Hamilton artists Katrina Camilleri and Cheyenne Federiconi have come a long way since high school. The two longtime friends and graduating Mac students have just put the finishing touches on their upcoming art exhibit.

They’ll be showing a joint collection of original artwork at Manta Contemporary Gallery starting April 4. Aptly entitled BOMBS AWAY, their exhibit features pieces that seek to expose the “naked reality” behind political issues. The artists tackle war, violence, pop culture and sex in a way that is alluring yet unsettling.

The duo grew up in Hamilton and took high school art classes together before both enrolling in McMaster’s studio art program.

Coming out of high school as a painter, Federiconi says she now does more sculpture and performance art. Camilleri said she’s also discovered her preferred medium at Mac.

“I’ve found how to channel my personality into my artwork,” said Camilleri.

They said the biggest challenge of putting the show together has been reconciling their individual styles. After confirming their slot at the gallery at the end of February, the two had only a month to drum up original pieces for the themed exhibit.

Camilleri, who usually works in one colour, took on Federiconi’s vibrant colour palette, while Federiconi experimented with themes of war that aren’t usually a focal point of her work.

“We have two opposite styles, so finding one theme was hard,” said Camilleri.

Federiconi said her favourite piece in the show is an assortment of toy weapons, which she purchased and repainted pink.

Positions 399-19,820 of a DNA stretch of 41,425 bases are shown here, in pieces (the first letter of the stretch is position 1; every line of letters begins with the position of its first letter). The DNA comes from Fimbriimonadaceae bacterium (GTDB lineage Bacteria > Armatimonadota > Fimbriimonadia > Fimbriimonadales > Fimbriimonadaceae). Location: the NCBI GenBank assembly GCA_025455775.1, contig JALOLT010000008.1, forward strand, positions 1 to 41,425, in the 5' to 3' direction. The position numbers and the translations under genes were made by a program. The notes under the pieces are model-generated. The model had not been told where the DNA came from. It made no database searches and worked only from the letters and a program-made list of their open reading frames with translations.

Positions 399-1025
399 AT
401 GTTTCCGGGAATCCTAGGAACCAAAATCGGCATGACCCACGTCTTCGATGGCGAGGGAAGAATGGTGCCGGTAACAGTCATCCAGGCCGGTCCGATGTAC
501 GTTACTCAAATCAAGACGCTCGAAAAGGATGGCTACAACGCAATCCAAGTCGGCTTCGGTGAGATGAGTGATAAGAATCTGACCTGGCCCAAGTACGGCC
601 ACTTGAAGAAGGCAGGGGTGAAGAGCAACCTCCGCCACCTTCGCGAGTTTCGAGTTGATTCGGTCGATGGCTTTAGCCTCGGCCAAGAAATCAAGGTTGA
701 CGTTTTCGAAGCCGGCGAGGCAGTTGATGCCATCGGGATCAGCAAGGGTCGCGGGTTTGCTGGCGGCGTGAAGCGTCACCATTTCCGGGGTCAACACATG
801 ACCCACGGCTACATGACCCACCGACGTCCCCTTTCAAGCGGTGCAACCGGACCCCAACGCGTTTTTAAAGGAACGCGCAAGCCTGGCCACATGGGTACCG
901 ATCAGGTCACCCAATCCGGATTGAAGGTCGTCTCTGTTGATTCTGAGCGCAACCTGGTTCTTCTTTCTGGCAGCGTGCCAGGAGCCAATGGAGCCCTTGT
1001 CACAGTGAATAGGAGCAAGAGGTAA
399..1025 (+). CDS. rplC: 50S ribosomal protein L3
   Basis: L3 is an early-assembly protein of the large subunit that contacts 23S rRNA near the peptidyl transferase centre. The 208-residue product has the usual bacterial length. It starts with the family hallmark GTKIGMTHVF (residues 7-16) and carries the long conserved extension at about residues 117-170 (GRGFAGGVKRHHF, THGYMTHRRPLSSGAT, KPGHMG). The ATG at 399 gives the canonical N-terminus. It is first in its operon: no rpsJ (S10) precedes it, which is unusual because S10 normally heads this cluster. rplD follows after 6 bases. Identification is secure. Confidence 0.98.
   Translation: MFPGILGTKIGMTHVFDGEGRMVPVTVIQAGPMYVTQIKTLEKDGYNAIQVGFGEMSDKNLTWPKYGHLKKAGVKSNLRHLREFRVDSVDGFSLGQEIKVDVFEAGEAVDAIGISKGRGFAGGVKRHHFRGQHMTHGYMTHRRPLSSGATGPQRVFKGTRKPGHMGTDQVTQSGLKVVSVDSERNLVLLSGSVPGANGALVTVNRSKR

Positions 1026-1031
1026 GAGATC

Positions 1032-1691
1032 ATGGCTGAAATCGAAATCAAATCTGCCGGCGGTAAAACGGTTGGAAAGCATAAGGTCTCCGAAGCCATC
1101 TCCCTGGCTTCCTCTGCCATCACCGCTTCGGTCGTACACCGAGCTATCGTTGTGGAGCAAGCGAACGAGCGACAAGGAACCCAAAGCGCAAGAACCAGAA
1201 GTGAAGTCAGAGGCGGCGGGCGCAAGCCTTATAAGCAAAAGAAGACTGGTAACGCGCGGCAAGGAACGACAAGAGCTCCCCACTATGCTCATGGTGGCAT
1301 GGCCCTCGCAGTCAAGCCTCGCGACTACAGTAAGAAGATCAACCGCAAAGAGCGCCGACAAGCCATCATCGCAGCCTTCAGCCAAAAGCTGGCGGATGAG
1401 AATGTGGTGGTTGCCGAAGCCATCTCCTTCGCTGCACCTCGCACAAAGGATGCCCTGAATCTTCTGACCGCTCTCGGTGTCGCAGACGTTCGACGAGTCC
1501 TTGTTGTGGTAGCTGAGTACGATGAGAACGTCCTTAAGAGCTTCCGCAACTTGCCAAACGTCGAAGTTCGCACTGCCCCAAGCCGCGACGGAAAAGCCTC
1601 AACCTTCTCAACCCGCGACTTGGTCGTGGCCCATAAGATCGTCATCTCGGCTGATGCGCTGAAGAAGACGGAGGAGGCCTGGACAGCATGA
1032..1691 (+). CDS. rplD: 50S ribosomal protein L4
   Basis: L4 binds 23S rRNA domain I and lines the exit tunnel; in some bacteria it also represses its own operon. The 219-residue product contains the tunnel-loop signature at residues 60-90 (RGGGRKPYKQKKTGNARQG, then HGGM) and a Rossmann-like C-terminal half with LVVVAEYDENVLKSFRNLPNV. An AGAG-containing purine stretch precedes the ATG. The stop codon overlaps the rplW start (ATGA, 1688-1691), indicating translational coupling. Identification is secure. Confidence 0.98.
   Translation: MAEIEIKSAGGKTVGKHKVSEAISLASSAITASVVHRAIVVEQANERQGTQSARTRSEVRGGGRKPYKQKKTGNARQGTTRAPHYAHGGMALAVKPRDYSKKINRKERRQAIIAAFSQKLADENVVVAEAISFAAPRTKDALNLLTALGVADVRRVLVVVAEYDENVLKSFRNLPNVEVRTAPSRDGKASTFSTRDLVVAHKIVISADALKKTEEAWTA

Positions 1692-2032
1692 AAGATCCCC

“I [embellished] them with diamonds, pearls and lace to take objects often associated with violence and terror, and change their interpretation into something cute and non-threatening,” she said.

The artists say they’re excited to be showing at an up and coming gallery in Hamilton’s downtown core that doesn’t typically exhibit student work.

“Culturally, I think we [in Hamilton] embrace art more now,” said Federiconi, who referenced the boom that James Street N. has experienced in recent years with Artcrawl and Supercrawl.

Federiconi says she wants to make a living in Hamilton’s art scene after graduation this April. She’s got four or five exhibits under her belt, some of which she organized, and wants to keep going.

After graduating, Camilleri will be leaving Hamilton to pursue teacher’s college. She has aspirations to teach art at the high school level.

“I think the beauty of [Mac’s] program is that you start out new…and in your graduating year they let you go and apply what you’ve learned,” said Camilleri.

Their exhibit will be in the Manta Contemporary Gallery on King William St. The show runs from April 4 to 30, with an opening reception on April 12.


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